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Swamplife: People, Gators, and Mangroves Entangled in the Everglades

Laura A. Ogden
Series: A Quadrant Book
Copyright Date: 2011
Edition: NED - New edition
Pages: 200
  • Cite this Item
  • Book Info
    Book Description:

    Drawing on a decade of fieldwork with hunters in the Everglades, Laura A. Ogden explores the lives and labors of people, animals, and plants in this most delicate and tenacious ecosystem. Swamplife offers a unique insight into the hidden life of the Everglades—and into how an appreciation of oppositional culture and social class operates in our understanding of wilderness in the United States.

    eISBN: 978-0-8166-7702-3
    Subjects: Environmental Science

Table of Contents

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  1. Front Matter
    (pp. i-iv)
  2. Table of Contents
    (pp. v-vi)
  3. Map of Southern Florida and the Greater Everglades Watershed
    (pp. vii-viii)
  4. Map of Everglades National Park
    (pp. ix-x)
    (pp. xi-xv)
  6. 1. THE FLORIDA EVERGLADES: An Entangled Landscape
    (pp. 1-23)

    As a landscape, the Everglades has epitomized all that we think of as nature at its most uncultivated: an icon infested with frightening reptiles, botanical excess, swarms of mosquitoes, and unforgiving heat. This is the alien and impenetrable Everglades that stymied the attempts of early surveyors and settlers and that continues to provide dramatic flair to countless novels, films, and other accounts of swampland exploration. At the same time, these exotic visions of the landscape have supported widespread practices of landscape transformation, particularly schemes of drainage and development, as they have in the swamps and wetlands throughout the Americas.¹ In...

    (pp. 25-41)

    The Bill Ashley Jungles is a remembered landscape. Glades hunters named the Bill Ashley Jungles after a band of outlaws who hid out in the Everglades during the 1920s. Although there is an actual mangrove swamp within Everglades National Park that corresponds to the mangrove swamp old-timers used to call the Bill Ashley Jungles, it has been over fifty years since that name was part of an active landscape vernacular. Moreover, mangrove landscapes are terribly mobile, and so the mangrove swamp once known as the Bill Ashley Jungles has transformed itself many times in those fifty years. Nor does the...

  8. 3. EARTH, FIRE, AND FLESH: Territorial Refrains
    (pp. 43-71)

    Several years ago I was walking with Glen Simmons, then in his late eighties, down a weedy section of the Old Ingraham Highway, a remnant road within Everglades National Park that once served as a major thoroughfare for backcountry hunters. The day was warm, that welcoming warmth of a southern Florida winter afternoon, and the surrounding marsh was alive with the sounds of flitting warblers, herons, and egrets. In parts of the glades the dry winter parches the earth, and on that day the sweet musty aroma of sun-baked algae mats filled the air. Throughout our slow walk, we bent...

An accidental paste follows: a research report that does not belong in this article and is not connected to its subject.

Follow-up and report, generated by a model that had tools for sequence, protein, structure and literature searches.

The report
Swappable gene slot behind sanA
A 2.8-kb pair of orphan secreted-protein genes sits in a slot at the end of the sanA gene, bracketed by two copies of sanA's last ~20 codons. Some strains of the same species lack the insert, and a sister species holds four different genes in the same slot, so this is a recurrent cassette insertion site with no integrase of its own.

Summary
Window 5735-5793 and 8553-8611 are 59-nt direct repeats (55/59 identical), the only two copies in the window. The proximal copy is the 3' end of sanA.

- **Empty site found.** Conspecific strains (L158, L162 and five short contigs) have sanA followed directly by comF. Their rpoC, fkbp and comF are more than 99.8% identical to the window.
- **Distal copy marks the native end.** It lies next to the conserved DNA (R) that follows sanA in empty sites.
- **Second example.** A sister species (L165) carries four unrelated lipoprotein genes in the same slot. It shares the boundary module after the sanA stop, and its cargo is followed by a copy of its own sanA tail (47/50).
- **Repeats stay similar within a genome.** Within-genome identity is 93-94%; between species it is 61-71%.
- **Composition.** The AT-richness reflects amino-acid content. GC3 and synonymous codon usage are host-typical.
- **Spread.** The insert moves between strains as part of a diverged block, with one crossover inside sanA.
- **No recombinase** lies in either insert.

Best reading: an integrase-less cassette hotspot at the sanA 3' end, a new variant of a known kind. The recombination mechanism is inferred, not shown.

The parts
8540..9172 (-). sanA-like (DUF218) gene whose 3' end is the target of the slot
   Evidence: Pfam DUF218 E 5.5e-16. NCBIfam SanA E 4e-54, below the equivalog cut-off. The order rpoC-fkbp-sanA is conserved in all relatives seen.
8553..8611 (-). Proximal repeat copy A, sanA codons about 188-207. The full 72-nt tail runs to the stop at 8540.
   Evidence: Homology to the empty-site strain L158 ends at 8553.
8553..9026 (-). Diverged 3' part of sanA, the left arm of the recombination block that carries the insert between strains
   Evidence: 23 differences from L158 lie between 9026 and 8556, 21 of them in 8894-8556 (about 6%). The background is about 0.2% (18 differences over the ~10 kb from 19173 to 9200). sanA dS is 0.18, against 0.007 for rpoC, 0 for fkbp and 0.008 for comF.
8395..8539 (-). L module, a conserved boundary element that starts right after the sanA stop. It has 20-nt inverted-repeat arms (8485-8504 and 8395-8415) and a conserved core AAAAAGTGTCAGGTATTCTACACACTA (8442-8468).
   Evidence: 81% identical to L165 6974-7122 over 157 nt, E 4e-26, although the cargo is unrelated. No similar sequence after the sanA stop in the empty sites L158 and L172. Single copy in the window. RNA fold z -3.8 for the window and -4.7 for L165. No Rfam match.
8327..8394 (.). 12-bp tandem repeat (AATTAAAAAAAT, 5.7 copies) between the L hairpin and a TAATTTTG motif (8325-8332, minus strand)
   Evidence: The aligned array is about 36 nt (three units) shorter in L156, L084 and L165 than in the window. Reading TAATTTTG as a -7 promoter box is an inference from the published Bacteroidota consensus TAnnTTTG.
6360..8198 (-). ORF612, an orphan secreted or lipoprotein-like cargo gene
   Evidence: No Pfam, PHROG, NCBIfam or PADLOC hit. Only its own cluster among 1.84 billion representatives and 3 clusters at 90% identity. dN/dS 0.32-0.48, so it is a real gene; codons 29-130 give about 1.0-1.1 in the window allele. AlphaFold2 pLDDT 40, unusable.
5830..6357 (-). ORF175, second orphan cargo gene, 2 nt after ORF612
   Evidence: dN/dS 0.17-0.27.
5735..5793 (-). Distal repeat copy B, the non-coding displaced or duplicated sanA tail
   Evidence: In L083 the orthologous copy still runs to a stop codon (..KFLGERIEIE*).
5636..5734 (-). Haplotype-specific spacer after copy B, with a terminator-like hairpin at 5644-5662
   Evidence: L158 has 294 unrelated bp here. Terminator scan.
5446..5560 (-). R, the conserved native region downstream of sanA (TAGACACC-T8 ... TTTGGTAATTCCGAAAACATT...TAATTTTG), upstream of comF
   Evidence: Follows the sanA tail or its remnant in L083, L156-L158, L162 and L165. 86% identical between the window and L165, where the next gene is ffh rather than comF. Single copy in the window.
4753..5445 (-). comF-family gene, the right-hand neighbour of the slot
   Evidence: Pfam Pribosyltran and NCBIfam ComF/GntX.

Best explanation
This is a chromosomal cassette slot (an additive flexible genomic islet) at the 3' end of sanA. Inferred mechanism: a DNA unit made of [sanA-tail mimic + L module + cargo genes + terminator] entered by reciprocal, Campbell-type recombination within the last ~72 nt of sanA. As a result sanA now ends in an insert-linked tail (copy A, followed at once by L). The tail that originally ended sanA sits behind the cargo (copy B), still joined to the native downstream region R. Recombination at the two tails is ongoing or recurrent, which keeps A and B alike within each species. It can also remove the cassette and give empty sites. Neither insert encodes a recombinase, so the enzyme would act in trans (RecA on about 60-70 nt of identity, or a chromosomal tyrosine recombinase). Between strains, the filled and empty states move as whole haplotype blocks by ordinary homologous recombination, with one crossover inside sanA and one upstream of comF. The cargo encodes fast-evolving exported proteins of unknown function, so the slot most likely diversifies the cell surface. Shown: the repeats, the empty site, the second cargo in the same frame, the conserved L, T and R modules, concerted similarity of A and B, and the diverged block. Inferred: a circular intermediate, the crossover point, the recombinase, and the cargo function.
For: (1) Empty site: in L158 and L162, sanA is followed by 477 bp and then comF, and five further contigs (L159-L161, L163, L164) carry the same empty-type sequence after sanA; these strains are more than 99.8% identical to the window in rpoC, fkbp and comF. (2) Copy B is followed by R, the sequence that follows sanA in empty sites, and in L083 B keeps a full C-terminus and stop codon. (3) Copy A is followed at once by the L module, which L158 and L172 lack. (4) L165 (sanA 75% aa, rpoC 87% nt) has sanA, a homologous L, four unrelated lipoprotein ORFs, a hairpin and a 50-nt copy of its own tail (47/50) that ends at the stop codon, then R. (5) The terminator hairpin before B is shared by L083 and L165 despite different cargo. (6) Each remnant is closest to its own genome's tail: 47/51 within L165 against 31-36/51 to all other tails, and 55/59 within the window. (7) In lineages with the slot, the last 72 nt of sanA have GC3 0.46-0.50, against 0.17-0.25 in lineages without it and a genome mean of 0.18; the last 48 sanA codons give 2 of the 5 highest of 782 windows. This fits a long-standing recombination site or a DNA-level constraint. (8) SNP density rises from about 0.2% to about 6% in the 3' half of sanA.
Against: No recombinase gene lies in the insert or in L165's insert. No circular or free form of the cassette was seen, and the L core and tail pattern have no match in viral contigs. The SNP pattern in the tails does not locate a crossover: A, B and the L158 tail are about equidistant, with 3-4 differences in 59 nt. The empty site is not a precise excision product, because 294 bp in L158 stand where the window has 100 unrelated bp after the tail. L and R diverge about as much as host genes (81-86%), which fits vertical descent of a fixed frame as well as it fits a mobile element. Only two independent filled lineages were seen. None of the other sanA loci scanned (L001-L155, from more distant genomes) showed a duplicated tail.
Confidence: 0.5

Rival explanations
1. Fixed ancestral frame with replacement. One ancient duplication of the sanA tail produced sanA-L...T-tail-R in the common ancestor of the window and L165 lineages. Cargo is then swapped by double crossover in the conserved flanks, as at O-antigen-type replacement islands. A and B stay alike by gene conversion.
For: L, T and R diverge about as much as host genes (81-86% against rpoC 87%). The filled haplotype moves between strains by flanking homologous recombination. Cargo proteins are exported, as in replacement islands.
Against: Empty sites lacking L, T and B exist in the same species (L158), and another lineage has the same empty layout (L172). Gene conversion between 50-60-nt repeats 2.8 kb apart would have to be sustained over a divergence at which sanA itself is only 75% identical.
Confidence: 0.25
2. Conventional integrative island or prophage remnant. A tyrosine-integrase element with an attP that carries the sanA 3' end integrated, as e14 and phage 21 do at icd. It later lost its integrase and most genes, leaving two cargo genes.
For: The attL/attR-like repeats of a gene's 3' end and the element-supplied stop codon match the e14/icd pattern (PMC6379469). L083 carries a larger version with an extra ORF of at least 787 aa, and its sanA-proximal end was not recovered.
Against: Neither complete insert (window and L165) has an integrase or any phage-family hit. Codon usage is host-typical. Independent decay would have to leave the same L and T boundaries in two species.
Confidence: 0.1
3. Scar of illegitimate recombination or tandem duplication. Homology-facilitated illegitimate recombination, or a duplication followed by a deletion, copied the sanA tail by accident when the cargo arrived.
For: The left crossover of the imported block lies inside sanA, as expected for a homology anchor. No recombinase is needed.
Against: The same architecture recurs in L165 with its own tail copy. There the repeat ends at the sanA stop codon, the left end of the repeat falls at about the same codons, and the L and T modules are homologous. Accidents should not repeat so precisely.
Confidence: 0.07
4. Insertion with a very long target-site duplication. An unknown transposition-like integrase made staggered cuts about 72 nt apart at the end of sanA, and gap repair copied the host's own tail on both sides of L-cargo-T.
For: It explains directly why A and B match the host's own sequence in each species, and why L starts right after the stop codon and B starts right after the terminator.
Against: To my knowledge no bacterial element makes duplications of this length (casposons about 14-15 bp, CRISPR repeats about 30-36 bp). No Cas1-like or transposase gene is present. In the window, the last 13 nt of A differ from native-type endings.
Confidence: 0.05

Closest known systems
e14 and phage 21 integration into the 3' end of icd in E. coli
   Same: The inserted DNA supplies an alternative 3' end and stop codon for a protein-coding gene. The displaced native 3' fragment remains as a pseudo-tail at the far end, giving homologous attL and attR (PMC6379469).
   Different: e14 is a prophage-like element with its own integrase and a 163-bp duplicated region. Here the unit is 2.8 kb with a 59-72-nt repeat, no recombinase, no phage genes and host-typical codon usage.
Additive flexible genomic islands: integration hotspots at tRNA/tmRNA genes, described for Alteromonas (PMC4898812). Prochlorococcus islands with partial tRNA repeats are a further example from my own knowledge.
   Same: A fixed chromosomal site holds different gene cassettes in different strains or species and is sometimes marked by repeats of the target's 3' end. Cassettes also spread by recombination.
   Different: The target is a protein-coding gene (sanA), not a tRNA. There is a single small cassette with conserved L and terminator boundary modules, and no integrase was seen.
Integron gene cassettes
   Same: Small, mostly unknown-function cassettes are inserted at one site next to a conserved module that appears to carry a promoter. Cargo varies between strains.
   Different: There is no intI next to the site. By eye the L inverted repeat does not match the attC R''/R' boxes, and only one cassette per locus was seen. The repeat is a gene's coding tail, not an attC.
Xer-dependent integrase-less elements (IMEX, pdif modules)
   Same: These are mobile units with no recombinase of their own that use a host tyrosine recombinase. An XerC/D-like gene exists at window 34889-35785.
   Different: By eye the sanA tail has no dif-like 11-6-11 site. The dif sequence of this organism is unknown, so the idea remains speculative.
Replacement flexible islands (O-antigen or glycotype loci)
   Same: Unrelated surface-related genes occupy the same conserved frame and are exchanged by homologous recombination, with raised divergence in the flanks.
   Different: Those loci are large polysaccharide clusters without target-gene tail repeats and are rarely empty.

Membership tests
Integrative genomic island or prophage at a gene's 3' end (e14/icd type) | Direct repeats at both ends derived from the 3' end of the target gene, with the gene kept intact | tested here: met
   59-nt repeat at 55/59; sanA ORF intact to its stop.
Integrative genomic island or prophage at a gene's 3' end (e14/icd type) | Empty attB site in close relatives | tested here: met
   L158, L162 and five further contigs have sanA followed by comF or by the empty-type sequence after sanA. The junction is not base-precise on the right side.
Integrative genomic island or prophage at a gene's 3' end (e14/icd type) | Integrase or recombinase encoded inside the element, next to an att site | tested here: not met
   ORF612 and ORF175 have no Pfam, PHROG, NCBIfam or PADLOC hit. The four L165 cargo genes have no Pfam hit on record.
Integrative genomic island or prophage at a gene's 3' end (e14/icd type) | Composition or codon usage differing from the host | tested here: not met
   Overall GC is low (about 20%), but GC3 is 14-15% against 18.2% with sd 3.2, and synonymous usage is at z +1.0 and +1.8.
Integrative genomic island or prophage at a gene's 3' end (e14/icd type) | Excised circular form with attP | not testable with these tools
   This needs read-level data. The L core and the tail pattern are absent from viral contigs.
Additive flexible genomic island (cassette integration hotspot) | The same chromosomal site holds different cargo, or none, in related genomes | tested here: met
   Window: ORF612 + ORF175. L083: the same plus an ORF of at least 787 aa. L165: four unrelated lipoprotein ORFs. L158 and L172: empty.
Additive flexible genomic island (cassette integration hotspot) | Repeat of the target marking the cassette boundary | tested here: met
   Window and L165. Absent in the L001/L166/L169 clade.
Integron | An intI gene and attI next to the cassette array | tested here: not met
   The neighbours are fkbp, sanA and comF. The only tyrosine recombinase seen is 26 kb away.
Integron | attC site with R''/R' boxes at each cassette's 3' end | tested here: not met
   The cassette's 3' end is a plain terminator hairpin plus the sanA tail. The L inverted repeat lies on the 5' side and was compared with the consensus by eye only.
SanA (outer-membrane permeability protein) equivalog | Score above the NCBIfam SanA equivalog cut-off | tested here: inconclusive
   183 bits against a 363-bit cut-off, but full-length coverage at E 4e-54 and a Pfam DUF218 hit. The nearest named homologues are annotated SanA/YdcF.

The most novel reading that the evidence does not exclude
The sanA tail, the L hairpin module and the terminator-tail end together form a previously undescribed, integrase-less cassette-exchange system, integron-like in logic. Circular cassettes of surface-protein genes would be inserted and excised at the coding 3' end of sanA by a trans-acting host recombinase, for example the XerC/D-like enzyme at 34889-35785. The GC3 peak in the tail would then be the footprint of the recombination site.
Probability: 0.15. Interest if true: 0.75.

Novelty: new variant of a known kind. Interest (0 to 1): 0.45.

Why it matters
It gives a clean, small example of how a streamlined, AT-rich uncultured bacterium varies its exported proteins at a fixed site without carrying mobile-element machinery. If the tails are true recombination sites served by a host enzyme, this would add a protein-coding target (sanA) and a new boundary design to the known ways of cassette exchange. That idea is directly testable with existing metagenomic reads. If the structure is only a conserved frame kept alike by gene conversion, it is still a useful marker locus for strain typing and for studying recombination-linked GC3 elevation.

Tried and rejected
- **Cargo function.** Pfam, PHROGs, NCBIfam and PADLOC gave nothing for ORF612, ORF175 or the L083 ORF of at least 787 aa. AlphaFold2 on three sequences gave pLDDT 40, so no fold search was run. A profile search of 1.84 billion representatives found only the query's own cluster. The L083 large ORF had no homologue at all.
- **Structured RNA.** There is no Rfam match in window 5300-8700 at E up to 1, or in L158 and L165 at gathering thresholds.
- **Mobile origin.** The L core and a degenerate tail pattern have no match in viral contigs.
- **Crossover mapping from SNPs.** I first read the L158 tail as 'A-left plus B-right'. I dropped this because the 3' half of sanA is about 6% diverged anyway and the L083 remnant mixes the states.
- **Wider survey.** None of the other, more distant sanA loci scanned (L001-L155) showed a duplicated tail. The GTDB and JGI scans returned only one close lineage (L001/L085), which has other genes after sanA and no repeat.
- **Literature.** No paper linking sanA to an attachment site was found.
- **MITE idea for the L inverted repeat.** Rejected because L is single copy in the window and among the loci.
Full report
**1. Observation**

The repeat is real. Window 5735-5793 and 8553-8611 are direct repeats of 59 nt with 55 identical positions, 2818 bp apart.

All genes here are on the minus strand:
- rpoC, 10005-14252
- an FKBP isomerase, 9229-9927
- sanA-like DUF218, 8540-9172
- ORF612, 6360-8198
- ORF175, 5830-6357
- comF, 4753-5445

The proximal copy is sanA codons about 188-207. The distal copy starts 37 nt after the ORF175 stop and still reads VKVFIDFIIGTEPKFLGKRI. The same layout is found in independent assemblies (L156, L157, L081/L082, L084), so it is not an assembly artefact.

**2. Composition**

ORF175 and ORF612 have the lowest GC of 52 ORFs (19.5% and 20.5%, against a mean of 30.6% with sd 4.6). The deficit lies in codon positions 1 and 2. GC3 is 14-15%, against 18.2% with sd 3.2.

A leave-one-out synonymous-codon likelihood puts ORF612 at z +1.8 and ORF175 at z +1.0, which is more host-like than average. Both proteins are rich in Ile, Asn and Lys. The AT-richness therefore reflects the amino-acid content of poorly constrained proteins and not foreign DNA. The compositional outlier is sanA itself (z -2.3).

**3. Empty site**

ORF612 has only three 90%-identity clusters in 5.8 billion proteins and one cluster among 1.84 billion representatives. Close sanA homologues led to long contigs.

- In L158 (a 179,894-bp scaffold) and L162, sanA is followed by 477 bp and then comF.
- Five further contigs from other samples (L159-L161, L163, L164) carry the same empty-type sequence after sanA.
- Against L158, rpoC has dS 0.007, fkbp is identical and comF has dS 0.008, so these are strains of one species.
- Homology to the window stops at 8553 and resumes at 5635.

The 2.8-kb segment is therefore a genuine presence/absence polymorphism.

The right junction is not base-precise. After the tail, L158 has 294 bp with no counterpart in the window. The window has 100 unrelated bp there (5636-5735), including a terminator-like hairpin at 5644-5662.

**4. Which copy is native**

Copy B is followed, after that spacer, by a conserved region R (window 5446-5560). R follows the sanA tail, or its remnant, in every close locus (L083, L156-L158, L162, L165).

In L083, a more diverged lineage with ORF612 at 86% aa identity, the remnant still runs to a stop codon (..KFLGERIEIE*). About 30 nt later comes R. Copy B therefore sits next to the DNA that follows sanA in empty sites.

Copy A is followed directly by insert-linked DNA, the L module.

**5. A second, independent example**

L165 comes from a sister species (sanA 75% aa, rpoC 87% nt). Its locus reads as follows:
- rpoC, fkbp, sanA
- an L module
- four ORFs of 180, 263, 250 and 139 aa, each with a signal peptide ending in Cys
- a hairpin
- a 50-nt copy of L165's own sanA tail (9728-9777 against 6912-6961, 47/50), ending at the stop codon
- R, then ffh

(pp. 73-93)

    There is no stillness in Robert Walser’s landscapes. Instead, his prose meanders along country lanes and through forest meadows, with hardly a pause for the bustle of a village’s town square. Walser was born in Biel, Switzerland, in 1878, and when not writing in sparsely furnished rented rooms, he spent much of his life out walking. His prose reflects a life, Susan Sontag has suggested, spent “obsessively turning time into space.”¹ Though Walser enjoyed some literary success during his lifetime, with both Franz Kafka and Robert Musil among his admirers, he abandoned writing in 1933 after his forced relocation from...

    (pp. 95-123)

    So far in this book I have shown how in the hunter’s landscape the human and nonhuman worlds are entangled, like a rhizome that is on the move. Enormous snakes lurk in mangrove jungles that are constantly growing and changing even as hunters hack their way through their enclosing roots and branches. While this territorial assemblage is not grounded or fixed, the trajectories I have explored so far have been localized, or at least swampspecific. But of course there are agents of change (sea level rise, development schemes, federal and state water policies, animal rights activists) that stake their claims...

    (pp. 125-151)

    It speaks to the sheer ingenuity of culture that the alligator, such an unlikely creature, has been called upon to meet so many different human needs. The reptiles may weigh hundreds of pounds, can grow to sixteen feet (though about thirteen feet is considered large today), and are certainly cumbersome to transport. Their bodies are elongated and lizard-like. The dermal layer of alligator skin consists of scales, called “scutes,” with bony plates, called “buttons,” embedded in the skin, all creating a tough armor. Alligator jaws are massively strong vices used to impale and crush prey. Alligators grasp larger prey in...

  12. EPILOGUE: THE BILL ASHLEY JUNGLES: Trace Impressions of a Forgotten Landscape
    (pp. 153-158)

    In this book I have used the term “territorial assemblage” to describe those collectives of humans and nonhumans engaged in tasks that result in the demarcation of territory. Landscapes are the product of these assemblages. The territorial claims upon these landscapes extend far beyond the boundaries of southern Florida. No book could do justice to this rhizomic proliferation. My own interests have led me to focus on the territorial assemblages that intervene in the lives of glades hunters. Their experience of the landscape is the lens through which I consider the presence and politics of alligators, mangroves, water, fire, mythic...

  13. NOTES
    (pp. 159-178)
  14. INDEX
    (pp. 179-186)
  15. Back Matter
    (pp. 187-187)